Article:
What happens when you run it on simulated data?

From the diginorm paper, I have a convenient simulated test data set for exploring normalization approaches. The data set is described in the diginorm paper; basically it's just a bunch of reads simulated from short transcripts across three different orders of magnitude (see make-random-transcriptome and make-biased-reads).

I generated the simulated data, and then ran diginorm (k=25, C=20) and Trinity norm (k=25, C=20).

I started with 1m reads; diginorm kept 91,029, while Trinity norm kept 13,245.

I assayed a few different metrics on these files.

First, I asked how many total k-mers were left in each data set. This is an estimate of the amount of memory needed to assemble the data with a de Bruijn graph assembler:

Unnormalized data: 3,163,778 total k-mers
diginorm normalization: 1,976,319 total k-mers remaining
Trinity normalization: 190,815 total k-mers remaining

Next, I plotted k-mer abundance histograms; a closeup of the comparison is shown in Figure 1.

Fig 1. k-mer abundance plots of raw and normalized data.

The main takeaway here is that both diginorm and Trinity norm are shifting the k-mer abundance plot as they're supposed to, and making it "normal". Diginorm is underestimating the k-mer coverage (hence the green curve is not centered on 20) while Trinity is bang on -- this is due to the retention of more erroneous sequences by diginorm, I think.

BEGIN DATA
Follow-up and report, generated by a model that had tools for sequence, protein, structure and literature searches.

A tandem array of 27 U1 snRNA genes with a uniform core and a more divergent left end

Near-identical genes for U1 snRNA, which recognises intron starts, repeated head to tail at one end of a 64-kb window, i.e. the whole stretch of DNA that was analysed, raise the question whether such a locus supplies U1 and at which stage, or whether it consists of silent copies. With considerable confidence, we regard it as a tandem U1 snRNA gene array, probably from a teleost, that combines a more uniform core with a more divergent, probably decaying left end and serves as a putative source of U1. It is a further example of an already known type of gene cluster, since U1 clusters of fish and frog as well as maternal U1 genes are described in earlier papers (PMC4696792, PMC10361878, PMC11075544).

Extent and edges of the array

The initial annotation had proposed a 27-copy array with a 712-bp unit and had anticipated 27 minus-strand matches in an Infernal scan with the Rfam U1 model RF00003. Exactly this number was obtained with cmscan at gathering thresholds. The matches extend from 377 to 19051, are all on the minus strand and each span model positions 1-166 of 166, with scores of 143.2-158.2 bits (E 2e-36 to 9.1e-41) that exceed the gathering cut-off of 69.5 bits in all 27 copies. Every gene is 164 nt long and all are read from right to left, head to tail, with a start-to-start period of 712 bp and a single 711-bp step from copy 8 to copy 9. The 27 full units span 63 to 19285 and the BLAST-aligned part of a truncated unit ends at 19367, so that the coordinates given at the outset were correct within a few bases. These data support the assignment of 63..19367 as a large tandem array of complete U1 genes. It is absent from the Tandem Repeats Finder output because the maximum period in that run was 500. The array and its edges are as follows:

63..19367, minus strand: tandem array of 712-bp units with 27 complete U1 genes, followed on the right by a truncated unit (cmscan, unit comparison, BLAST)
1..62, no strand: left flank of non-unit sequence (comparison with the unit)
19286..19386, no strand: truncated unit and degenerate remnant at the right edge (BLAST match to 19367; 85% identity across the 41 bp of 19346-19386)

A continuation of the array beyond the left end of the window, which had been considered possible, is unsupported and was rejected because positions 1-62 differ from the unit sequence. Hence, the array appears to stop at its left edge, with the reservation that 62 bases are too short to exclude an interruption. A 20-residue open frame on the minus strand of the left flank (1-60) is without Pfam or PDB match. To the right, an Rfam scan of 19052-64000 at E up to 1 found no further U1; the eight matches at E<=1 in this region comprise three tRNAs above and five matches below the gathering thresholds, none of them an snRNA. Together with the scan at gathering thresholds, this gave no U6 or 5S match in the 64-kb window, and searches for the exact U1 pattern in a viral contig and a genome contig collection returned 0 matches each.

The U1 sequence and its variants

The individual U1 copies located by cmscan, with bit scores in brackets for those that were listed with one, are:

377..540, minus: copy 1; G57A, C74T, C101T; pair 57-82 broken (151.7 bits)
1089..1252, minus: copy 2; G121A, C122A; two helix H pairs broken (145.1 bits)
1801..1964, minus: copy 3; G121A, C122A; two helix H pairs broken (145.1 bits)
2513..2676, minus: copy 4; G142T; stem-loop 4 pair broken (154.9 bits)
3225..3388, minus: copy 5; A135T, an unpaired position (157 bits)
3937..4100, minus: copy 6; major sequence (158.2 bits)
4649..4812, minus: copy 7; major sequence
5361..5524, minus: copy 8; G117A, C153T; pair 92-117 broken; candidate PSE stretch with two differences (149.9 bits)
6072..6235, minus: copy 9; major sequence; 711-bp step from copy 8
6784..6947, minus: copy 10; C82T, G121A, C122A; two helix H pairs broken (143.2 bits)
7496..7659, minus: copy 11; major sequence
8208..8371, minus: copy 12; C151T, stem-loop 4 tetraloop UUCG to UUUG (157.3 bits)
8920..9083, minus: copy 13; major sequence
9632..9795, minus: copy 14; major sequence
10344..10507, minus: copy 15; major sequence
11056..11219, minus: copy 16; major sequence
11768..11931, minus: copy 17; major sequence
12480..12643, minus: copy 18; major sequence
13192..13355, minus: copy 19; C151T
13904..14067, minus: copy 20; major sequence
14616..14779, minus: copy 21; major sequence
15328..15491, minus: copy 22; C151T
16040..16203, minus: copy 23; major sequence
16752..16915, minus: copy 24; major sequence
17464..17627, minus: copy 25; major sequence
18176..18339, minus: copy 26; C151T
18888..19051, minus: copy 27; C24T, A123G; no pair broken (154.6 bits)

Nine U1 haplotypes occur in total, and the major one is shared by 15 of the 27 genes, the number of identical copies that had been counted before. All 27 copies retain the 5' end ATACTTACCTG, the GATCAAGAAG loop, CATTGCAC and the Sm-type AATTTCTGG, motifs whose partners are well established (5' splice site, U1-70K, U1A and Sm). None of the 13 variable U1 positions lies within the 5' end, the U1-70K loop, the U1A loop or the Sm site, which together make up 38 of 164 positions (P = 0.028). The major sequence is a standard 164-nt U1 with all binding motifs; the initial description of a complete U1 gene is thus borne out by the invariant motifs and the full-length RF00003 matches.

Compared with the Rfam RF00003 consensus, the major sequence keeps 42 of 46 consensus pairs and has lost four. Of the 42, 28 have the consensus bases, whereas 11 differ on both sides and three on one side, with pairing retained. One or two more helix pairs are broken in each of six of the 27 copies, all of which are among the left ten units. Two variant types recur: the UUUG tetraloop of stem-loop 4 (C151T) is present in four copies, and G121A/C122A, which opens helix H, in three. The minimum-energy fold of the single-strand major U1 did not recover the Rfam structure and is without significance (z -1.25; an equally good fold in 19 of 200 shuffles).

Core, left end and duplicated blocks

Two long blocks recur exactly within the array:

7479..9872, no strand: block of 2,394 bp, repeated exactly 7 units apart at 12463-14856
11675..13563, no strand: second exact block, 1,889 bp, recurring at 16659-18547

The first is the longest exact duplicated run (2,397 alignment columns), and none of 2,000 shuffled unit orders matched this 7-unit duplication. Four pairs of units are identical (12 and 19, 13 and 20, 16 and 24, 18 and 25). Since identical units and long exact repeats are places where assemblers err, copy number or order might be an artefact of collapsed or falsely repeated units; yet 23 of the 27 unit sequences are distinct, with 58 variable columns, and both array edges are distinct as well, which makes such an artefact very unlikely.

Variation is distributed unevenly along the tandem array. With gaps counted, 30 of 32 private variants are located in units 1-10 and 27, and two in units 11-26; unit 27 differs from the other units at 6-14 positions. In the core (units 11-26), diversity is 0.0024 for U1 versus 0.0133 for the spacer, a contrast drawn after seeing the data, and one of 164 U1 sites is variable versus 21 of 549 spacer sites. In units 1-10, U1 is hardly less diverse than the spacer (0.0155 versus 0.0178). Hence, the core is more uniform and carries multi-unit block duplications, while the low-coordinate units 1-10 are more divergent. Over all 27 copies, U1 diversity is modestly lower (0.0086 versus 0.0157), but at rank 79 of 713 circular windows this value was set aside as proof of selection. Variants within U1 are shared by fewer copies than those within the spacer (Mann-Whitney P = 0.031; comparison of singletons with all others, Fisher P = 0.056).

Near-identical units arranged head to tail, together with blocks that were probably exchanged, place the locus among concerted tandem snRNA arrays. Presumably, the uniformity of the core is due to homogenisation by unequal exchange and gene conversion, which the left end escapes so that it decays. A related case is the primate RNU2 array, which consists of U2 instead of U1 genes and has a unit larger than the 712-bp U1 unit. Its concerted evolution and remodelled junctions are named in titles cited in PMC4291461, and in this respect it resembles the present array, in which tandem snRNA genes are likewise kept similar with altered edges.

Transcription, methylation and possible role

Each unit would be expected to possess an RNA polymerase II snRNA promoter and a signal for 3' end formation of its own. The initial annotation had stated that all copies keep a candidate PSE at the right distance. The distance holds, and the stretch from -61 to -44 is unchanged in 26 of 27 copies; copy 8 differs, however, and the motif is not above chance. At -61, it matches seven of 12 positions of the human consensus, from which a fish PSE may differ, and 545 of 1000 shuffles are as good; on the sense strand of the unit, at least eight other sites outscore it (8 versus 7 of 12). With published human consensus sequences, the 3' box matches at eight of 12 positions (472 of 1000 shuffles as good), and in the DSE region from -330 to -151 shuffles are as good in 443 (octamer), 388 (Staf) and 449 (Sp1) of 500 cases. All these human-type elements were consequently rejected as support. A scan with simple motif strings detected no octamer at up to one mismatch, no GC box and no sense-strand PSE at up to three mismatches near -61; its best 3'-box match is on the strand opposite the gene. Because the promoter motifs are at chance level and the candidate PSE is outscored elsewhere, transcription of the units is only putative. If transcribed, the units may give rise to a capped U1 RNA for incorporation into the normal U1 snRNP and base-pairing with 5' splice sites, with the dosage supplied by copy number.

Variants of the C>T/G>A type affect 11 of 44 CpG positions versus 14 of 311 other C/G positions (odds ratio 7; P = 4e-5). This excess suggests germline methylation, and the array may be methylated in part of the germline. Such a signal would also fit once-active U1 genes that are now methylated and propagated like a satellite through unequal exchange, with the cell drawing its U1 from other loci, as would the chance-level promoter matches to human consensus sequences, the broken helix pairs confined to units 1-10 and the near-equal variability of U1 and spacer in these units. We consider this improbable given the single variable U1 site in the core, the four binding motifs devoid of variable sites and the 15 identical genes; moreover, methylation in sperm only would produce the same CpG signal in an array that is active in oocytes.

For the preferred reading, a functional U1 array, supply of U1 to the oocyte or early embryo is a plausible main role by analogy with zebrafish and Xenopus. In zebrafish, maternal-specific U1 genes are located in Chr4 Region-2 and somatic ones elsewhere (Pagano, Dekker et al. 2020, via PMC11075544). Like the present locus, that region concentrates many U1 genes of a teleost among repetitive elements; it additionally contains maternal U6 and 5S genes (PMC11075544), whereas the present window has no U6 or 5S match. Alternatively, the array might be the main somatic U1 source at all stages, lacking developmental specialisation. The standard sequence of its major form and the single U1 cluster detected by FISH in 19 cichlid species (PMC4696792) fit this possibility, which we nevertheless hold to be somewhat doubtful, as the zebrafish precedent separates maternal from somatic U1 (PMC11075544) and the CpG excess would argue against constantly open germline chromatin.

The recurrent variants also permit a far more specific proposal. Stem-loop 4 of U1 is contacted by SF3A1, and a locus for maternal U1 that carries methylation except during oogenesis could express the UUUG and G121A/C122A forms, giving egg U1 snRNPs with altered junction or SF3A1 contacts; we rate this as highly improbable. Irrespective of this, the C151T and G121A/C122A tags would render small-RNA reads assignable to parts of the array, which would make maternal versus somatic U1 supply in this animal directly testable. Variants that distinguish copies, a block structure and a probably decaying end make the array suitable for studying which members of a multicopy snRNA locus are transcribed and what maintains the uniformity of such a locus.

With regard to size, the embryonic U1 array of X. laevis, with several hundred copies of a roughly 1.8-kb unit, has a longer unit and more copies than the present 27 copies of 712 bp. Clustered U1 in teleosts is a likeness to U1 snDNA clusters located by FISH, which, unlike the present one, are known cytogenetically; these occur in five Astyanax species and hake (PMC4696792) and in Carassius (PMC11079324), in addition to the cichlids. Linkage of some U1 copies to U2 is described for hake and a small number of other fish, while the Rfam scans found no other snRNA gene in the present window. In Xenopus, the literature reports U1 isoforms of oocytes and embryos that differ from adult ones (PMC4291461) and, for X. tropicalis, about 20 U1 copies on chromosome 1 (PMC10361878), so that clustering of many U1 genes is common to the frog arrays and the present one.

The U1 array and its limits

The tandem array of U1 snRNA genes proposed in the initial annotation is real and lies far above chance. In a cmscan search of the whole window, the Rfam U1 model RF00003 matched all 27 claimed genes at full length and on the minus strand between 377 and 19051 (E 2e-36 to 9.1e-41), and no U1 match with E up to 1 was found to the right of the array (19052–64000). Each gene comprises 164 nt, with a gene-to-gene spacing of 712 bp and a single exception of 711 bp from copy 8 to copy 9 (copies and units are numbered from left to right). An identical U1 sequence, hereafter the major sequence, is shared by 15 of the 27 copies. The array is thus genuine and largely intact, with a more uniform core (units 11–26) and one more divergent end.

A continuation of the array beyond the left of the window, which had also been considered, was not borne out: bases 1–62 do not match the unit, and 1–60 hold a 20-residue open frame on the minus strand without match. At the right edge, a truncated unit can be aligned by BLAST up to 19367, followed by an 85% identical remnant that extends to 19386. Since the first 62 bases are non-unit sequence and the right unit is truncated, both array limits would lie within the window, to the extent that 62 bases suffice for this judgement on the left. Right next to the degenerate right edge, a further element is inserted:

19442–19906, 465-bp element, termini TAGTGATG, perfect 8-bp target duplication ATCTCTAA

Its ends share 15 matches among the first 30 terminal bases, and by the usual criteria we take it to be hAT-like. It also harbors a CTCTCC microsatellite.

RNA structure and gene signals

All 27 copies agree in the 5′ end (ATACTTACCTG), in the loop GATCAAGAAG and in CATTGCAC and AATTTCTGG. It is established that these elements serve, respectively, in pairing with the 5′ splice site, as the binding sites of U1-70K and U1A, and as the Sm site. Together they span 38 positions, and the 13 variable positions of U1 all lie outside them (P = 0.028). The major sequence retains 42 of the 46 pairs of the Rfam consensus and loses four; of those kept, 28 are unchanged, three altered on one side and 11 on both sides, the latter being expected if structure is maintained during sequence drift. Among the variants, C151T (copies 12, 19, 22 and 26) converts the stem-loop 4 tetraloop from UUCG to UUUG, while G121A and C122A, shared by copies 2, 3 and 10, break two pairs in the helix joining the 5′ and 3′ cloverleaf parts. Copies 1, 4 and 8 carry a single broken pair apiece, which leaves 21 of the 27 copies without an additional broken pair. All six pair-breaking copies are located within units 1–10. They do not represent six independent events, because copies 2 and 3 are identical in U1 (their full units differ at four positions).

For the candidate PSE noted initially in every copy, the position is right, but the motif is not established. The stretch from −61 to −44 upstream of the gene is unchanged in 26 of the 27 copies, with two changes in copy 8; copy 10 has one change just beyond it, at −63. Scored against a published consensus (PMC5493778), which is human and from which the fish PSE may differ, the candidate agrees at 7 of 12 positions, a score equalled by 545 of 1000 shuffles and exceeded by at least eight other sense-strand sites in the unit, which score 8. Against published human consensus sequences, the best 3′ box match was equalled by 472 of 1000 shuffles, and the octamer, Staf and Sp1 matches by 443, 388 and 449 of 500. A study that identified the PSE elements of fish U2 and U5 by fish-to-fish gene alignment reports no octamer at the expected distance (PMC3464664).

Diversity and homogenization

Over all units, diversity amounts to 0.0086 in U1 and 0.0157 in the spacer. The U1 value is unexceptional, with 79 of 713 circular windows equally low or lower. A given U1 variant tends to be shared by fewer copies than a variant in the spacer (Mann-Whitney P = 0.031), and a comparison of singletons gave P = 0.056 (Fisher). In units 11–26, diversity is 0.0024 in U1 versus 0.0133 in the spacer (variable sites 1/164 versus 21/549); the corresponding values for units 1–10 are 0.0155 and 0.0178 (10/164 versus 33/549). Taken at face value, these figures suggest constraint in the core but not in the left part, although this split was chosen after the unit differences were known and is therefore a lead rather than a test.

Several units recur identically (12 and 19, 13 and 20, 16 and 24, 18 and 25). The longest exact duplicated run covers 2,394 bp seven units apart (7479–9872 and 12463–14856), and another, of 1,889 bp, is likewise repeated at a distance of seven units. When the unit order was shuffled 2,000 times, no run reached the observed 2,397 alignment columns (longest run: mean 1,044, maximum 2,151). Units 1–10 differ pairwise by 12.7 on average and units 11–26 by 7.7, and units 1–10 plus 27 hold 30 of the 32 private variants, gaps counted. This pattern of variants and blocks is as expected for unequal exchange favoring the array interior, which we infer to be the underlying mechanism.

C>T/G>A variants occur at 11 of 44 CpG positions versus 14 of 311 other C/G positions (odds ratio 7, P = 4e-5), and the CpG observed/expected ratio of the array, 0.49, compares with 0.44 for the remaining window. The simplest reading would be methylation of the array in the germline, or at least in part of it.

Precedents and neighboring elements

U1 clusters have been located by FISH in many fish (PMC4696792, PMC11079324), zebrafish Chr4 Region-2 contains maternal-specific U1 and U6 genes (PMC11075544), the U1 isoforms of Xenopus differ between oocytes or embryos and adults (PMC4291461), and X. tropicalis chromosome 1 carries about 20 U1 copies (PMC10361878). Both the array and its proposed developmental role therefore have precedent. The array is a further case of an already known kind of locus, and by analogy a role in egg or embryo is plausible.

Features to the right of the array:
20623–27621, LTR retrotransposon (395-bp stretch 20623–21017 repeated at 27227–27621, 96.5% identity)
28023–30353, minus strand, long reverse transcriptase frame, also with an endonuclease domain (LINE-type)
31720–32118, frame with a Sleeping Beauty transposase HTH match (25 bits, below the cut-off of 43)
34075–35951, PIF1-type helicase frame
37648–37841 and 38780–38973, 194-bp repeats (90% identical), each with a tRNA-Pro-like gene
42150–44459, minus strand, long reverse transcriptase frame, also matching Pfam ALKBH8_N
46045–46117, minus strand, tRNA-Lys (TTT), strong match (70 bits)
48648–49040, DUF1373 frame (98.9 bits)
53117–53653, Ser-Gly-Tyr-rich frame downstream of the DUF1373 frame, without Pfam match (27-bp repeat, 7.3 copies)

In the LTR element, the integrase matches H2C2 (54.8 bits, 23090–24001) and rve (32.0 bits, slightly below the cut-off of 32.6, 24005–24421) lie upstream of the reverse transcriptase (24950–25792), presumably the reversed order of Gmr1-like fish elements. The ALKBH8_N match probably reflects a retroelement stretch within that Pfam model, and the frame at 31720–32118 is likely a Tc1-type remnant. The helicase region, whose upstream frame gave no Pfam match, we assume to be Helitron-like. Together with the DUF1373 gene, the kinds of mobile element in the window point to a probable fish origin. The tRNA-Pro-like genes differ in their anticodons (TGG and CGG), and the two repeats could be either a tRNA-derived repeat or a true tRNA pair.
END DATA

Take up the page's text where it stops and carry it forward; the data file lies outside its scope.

Third, I looked at how many "true" k-mers were lost; since this is simulated data, I know exactly what should be there.

Missing 96.0 true k-mers in the sequence reads
Missing 103.0 true k-mers in the diginorm reads
Missing 363.0 true k-mers in the Trinity norm reads

Due to random sequence sampling, errors, and low coverage of some transcripts, we're missing 96 k-mers of 47,600 in the raw reads -- these are completely unrecoverable by assembly, of course!

But what do the filters do?

Diginorm drops an additional 7 k-mers, and Trinity normalization drops 267 k-mers. This isn't bad -- 267 looks a lot larger than 7, but it's still only 0.6% of the total k-mers.